'Who is Asleep Who is Awake' looks at the political realities that form in a liminal state
by Sukanya DebDec 28, 2022
•make your fridays matter with a well-read weekend
by Dilpreet BhullarPublished on : Jan 02, 2022
To find a pattern in the art of repetition is a subtle invitation to critique the nature of the order of things, largely (in)visible in the world driven by urbanity and mass consumerism. The element of recurrence if at once is attentive to the ideas of authenticity and appropriation, it also raises emphasis on the objects of everyday existence, which are otherwise rendered with minimal significance. In the hands of the Tehran-based artist, Nazgol Ansarinia, the layers of repetition in her art, dominated by architectural components and design serves as a conceptual means to revisit the urban landscape of her city through the narrative of collective memory and desires.
In the sculpture The Mechanisms of Growth by Ansarinia, the element of repetition is a key: it is a creative strategy to symbolically represent the cyclic order crucial to urban development. The capital of Iran, Tehran, has seen an exponential rise of gentrification: as part of the process, old housing structures are razed down to the ground to pave the way for new infrastructures. For Ansarinia it is not a one-time phenomenon, but a task pinned to a circle of continuation. The cycle is not limited to the practice of creation-annihilation, deconstruction-reconstruction, generation-degeneration, but extends itself to the material of the built environment - it is often given a new life during the process of building new structures.
The host of sculptures in The Mechanisms of Growth acutely refrains from recreating the world of perfection, which remains unattainable in the real-life scenario. The array of demolished buildings, with a running similarity in terms of shape and design, are hoarded to reassemble the scene from the streets of Tehran. The debris to which these miniature-sized “demolished buildings” refer to, is an erasure of Ansarinia’s memory of the city. The damage to the cityscape carries with it a feeling of being “lost when you can’t relate to space,” she mentions in a video The Artist and their City by The Guardian / Tate. The installations with their seamless (ir)regular patterns cajole the viewers to take a pause in an effort to gauge the effects of hasty transitions from the past to the present, and what does future hold against the backdrop of such events.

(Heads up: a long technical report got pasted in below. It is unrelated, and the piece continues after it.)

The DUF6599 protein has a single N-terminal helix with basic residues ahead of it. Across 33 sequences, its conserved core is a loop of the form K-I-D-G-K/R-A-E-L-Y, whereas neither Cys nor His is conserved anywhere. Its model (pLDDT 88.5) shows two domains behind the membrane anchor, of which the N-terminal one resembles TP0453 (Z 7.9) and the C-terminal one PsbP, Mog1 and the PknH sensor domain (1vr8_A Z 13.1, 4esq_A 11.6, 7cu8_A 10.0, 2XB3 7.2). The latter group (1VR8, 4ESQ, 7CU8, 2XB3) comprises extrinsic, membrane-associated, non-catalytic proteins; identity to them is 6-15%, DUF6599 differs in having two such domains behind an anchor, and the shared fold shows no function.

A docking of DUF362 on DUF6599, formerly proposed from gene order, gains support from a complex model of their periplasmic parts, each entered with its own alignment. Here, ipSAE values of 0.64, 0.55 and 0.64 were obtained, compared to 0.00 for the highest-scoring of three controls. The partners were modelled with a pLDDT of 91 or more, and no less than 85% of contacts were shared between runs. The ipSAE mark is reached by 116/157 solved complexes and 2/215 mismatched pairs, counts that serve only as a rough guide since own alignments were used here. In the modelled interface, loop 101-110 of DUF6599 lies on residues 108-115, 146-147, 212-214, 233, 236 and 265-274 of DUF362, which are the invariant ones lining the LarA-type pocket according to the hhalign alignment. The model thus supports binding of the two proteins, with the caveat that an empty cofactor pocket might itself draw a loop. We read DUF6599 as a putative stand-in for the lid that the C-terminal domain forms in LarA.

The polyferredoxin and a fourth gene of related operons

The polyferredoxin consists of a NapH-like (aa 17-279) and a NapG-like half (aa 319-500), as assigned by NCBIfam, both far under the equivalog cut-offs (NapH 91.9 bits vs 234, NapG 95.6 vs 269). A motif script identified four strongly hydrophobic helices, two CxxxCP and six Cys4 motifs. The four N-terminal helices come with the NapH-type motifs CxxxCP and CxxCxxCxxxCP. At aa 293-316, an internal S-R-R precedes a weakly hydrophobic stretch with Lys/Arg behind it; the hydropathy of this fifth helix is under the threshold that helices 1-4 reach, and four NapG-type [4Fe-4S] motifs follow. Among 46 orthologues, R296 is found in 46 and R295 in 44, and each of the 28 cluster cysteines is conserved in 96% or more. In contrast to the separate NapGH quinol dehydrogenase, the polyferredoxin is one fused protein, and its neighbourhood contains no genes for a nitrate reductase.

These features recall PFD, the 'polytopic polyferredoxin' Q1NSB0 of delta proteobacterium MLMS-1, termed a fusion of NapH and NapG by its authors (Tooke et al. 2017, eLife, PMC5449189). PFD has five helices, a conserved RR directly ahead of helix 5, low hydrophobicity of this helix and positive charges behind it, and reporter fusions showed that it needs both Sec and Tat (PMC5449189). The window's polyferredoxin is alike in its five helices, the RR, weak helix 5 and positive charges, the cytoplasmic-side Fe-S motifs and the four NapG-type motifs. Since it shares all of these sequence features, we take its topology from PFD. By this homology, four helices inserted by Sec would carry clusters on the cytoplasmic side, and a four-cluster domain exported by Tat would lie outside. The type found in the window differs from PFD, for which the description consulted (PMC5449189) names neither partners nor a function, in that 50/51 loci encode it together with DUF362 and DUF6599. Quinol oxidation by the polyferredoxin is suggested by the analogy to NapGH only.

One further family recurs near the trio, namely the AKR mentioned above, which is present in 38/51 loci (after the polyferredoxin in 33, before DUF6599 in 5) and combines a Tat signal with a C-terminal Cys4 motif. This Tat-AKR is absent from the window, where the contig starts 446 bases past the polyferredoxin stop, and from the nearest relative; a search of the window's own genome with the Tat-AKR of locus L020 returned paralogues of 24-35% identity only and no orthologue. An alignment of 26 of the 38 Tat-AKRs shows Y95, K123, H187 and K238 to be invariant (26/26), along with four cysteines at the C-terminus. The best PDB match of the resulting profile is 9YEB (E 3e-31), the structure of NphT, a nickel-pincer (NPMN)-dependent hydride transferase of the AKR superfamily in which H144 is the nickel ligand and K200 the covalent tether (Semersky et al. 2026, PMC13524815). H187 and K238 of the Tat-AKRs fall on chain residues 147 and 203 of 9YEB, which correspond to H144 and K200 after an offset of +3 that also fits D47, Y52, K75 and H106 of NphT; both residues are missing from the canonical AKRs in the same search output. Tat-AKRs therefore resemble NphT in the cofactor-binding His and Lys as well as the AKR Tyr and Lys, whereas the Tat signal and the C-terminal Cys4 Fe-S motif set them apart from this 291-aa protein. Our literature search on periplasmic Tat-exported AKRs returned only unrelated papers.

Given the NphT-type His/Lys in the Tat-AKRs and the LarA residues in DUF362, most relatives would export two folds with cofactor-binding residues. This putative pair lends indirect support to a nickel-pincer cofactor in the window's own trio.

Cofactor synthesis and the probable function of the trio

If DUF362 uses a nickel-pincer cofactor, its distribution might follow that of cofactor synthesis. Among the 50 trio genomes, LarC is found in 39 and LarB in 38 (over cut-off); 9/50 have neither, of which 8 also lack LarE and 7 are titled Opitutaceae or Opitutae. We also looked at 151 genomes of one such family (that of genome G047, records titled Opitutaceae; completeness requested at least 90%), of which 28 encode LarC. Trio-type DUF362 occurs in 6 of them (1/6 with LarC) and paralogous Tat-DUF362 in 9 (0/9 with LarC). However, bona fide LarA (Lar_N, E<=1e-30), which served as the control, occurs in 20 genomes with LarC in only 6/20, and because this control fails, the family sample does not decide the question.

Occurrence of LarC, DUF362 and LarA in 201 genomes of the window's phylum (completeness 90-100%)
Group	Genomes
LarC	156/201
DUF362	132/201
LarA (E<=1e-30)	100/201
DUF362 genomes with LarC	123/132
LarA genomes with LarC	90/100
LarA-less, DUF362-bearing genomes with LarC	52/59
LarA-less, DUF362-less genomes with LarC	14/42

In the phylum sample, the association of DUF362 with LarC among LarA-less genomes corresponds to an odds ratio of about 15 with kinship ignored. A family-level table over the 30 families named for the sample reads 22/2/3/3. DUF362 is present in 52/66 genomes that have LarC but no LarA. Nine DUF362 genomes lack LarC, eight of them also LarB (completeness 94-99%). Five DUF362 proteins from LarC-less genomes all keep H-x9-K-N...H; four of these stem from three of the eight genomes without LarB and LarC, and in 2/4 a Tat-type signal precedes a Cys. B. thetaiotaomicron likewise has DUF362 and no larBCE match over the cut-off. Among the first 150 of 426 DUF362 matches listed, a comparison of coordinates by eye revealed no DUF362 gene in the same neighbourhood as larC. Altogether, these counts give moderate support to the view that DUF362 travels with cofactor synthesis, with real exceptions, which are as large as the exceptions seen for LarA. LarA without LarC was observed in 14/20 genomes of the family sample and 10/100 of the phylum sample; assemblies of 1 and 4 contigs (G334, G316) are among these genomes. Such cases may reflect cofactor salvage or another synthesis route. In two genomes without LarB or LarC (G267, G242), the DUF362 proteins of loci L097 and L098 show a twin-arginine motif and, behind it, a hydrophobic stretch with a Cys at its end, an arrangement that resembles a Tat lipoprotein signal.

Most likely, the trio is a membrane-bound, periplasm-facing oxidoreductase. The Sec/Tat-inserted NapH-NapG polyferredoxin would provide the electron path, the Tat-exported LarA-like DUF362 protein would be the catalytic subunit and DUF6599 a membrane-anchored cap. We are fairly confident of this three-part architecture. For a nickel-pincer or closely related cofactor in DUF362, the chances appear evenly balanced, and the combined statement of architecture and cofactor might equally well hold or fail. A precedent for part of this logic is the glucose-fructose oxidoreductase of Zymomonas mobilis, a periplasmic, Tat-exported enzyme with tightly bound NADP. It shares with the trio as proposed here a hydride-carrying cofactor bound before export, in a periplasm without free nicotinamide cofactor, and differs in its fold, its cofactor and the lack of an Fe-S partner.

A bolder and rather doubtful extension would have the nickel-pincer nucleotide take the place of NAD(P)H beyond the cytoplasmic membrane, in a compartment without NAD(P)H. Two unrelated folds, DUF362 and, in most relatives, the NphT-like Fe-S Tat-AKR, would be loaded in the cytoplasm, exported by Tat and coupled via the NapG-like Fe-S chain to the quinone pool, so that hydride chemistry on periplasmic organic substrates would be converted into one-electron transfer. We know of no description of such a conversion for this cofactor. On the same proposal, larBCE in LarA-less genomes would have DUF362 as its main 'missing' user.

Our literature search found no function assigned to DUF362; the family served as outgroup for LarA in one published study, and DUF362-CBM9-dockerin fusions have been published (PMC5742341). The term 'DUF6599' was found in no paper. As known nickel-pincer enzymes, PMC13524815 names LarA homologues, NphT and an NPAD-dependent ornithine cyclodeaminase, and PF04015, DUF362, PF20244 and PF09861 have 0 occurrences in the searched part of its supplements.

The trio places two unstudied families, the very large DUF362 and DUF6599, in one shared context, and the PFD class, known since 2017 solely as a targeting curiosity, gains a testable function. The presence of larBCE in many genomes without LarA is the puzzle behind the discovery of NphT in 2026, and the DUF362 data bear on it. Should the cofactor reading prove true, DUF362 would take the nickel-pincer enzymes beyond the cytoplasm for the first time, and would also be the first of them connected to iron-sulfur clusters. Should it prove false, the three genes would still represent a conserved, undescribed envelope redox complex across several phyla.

More often than not, the installed sculptures bound to similar patterns could be mistaken as a product. However, a discerning eye cannot miss the singularity of design, which populates the works of Ansarinia. With an MFA in Design from California College of the Arts, San Francisco, the Iranian artist affirms that design is integral to the installation works. Talking with STIR, the artist mentions, “The MFA course was quite unique in the sense that its focus was on design as a way of thinking and not as a way of producing a product. To this day I think and work like a designer. I work with various media and every time I choose that medium through a process of experimentation, I think about what would best materialise the concept I am working on and how it can leave the most substantial impression on those who encounter the work.”